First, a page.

When the Enterprise stops over at Deep Space 9, Worf is approached by an Yridian trader who claims to have valuable information – regarding the whereabouts of Worf’s father. Although initially unwilling to believe that his father is still alive, Worf decides to follow up on the rumour, and undertakes a mission to find a Klingon prison camp in Romulan space. Meanwhile, an accident in Engineering awakens Data to the power of dreaming.
This is an odd two-parter; rather than one cohesive whole, it’s the fusion of two stories – one of which wouldn’t merit an episode on its own, and the other which needs slightly more than an episode to properly tell. With that in mind, part one is mostly about setting up the Worf story whilst also focussing on Data’s visions. Part two is then entirely about Worf, who emulates Captain Kirk in finding a peaceful and happy society, and utterly ruining it. We also get a DS9 crossover, which I suppose is fair enough as a way to promote the new show, even if it means having to put up with season one Bashir, a largely annoying character.
In all honestly, the Data story, whilst decent enough, isn’t amazing, which leaves Worf to carry the day. And his plotline does have all the good Star Trek elements – Klingons, Romulans, outsiders stirring things up – but on close inspection, it’s unclear what it really achieves. Of course Worf’s father isn’t alive. Does Worf learn a lesson about tolerance and not being a bigot? No, he just convinces a group of kids that the Klingon way is The Right Way. Then Picard swoops in to pick him up and we’re on our way.
Data on Data
- Data has proper hair follicles, and can control the rate of his hair growth, but has never seen the need to have anything other than his current style.
- Data’s apparently breathing is for thermal regulation.
- Data was meant to incorporate a dormant firmware update for dreaming into his positronic network once he became evolved enough to activate it, but the plasma discharge activates it prematurely.
- Bashir plans to author a paper about Data’s development – without even offering to make Data a co-author!
- It’s never made clear why the Yridian had information about the prison camp or thought Worf’s father was there. Was he just trading information in the hopes of getting a rich reward? In which case, sucks to be him – the Federation has no money.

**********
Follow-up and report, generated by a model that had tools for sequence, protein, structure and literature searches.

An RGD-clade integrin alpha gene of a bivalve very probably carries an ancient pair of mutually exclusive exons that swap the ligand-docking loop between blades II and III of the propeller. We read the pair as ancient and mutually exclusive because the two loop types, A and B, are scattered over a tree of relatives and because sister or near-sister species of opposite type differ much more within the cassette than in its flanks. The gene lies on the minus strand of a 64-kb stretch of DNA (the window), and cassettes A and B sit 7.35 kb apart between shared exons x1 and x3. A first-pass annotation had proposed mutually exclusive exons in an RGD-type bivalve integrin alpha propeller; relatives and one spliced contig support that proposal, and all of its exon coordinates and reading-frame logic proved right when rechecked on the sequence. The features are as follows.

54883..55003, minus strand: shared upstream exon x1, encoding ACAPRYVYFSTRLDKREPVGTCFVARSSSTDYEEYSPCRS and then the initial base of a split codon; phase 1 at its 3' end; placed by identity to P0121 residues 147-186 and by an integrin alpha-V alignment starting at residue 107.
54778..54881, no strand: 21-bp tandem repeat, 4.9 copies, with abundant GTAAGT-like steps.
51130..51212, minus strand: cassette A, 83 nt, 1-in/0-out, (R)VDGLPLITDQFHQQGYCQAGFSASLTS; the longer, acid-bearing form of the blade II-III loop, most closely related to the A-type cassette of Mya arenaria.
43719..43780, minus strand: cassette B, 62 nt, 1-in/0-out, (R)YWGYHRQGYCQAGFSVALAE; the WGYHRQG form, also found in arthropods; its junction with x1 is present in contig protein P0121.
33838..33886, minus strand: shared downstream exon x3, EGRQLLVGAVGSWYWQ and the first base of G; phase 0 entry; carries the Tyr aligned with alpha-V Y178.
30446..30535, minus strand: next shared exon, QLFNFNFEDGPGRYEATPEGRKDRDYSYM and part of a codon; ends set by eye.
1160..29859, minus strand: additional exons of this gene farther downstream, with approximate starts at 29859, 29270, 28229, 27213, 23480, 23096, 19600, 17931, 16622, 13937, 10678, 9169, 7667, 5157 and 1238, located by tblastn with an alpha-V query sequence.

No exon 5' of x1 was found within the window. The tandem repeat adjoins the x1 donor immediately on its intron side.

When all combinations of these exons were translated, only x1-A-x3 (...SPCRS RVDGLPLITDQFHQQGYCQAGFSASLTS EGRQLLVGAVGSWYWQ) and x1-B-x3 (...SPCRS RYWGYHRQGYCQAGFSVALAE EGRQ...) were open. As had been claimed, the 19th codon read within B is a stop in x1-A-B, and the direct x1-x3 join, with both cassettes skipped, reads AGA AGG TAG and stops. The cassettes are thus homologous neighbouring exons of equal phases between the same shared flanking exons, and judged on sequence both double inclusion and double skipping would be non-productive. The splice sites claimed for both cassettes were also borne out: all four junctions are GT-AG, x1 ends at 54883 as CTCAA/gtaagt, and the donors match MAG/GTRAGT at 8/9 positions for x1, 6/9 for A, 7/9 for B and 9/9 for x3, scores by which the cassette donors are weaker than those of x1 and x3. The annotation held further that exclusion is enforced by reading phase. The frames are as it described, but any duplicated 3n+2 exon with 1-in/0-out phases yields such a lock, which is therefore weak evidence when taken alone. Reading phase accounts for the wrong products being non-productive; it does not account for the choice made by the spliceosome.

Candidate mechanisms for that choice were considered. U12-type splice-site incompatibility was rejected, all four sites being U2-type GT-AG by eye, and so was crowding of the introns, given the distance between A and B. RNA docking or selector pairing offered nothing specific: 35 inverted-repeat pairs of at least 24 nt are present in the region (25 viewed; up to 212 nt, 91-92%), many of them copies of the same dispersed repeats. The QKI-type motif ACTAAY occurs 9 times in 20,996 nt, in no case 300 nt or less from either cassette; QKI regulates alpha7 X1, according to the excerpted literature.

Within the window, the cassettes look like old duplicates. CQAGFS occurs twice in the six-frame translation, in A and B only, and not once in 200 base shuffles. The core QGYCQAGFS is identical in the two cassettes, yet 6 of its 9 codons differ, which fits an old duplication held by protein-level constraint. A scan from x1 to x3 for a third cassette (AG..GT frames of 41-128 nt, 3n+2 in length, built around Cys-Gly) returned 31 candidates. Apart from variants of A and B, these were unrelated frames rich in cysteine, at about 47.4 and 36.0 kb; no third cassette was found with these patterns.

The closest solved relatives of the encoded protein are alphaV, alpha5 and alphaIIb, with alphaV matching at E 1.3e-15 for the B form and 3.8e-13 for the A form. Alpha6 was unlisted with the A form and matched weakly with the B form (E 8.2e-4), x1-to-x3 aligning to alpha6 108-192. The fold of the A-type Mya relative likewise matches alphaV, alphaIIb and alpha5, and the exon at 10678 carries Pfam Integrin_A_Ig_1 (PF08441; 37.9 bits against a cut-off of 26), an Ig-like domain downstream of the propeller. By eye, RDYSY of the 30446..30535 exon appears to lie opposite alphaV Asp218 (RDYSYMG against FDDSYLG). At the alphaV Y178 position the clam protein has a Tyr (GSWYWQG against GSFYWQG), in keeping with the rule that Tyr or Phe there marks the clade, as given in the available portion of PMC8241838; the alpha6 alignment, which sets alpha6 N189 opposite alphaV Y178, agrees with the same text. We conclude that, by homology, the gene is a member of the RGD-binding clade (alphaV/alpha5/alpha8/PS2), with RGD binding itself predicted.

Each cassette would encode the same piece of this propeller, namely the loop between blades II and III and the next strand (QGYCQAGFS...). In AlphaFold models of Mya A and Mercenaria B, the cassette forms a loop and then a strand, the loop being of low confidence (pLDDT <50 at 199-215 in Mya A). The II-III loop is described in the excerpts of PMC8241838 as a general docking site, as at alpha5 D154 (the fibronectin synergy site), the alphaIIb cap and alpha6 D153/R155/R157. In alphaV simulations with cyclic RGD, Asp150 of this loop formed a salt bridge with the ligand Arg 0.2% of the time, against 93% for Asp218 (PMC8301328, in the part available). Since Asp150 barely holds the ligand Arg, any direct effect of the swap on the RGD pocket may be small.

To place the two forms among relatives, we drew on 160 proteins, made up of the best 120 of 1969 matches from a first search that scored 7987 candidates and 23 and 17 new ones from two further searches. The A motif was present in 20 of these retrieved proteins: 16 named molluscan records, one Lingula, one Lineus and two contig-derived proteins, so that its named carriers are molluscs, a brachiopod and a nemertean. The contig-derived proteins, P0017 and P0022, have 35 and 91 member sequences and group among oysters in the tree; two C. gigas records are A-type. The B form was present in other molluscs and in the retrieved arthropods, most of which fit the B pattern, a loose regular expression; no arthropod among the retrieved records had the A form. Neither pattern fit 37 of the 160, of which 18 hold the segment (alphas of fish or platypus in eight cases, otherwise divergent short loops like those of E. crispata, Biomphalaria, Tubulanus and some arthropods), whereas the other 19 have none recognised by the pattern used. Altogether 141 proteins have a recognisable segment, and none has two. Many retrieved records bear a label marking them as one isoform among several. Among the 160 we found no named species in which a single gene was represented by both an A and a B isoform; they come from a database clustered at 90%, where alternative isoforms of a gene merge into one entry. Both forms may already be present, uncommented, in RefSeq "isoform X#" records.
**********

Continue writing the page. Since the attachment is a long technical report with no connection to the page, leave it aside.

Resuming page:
- Speaking of which, did he ever get a reward? Or was he just intimidated into helping Worf?
- Since it’s implied that Ba’el remains behind whilst all the other kids leave, doesn’t that mean she’s basically going to be caretaker for a bunch of ageing Klingons, until finally she’s left all alone?
- I didn’t really feel the Ba’el/Worf romance. I got that she would fancy him – tall dark stranger sweeps into her life – but she looked to be a teenager with a massive crush. You’d expect Worf to be more stoic and less of a cradle-snatcher.
- Worf’s attempt to justify his racism is pretty painful to watch.Worf: It’s not your fault that you’re half Romulan.
Ba’el: Gee, thanks for that.
- While I thought it was good that the younger Klingons got the chance to learn about their heritage, it was still a bit sad that it meant swapping their peaceful ways for Klingon macho posturing.
- Those Klingon kids must never reveal their true parentage in order to avoid dishonouring themselves and their relatives – obviously lying about your family isn’t dishonourable at all.
- Why did everyone just assume that the Yridian had filed an accurate flight plan? For that matter, why did he do that?
- Crusher is looking forward to trying out a program in Quark’s holosuites, even though she could easily create the same experience on the Enterprise’s holodeck, and not have to pay any gold-pressed latinum for it.
- Bashir is so entitled he thinks he can just waltz onto the Enterprise and use their facilities.
- DS9’s silent barfly Morn is spotted being chatted up by a beautiful blue woman.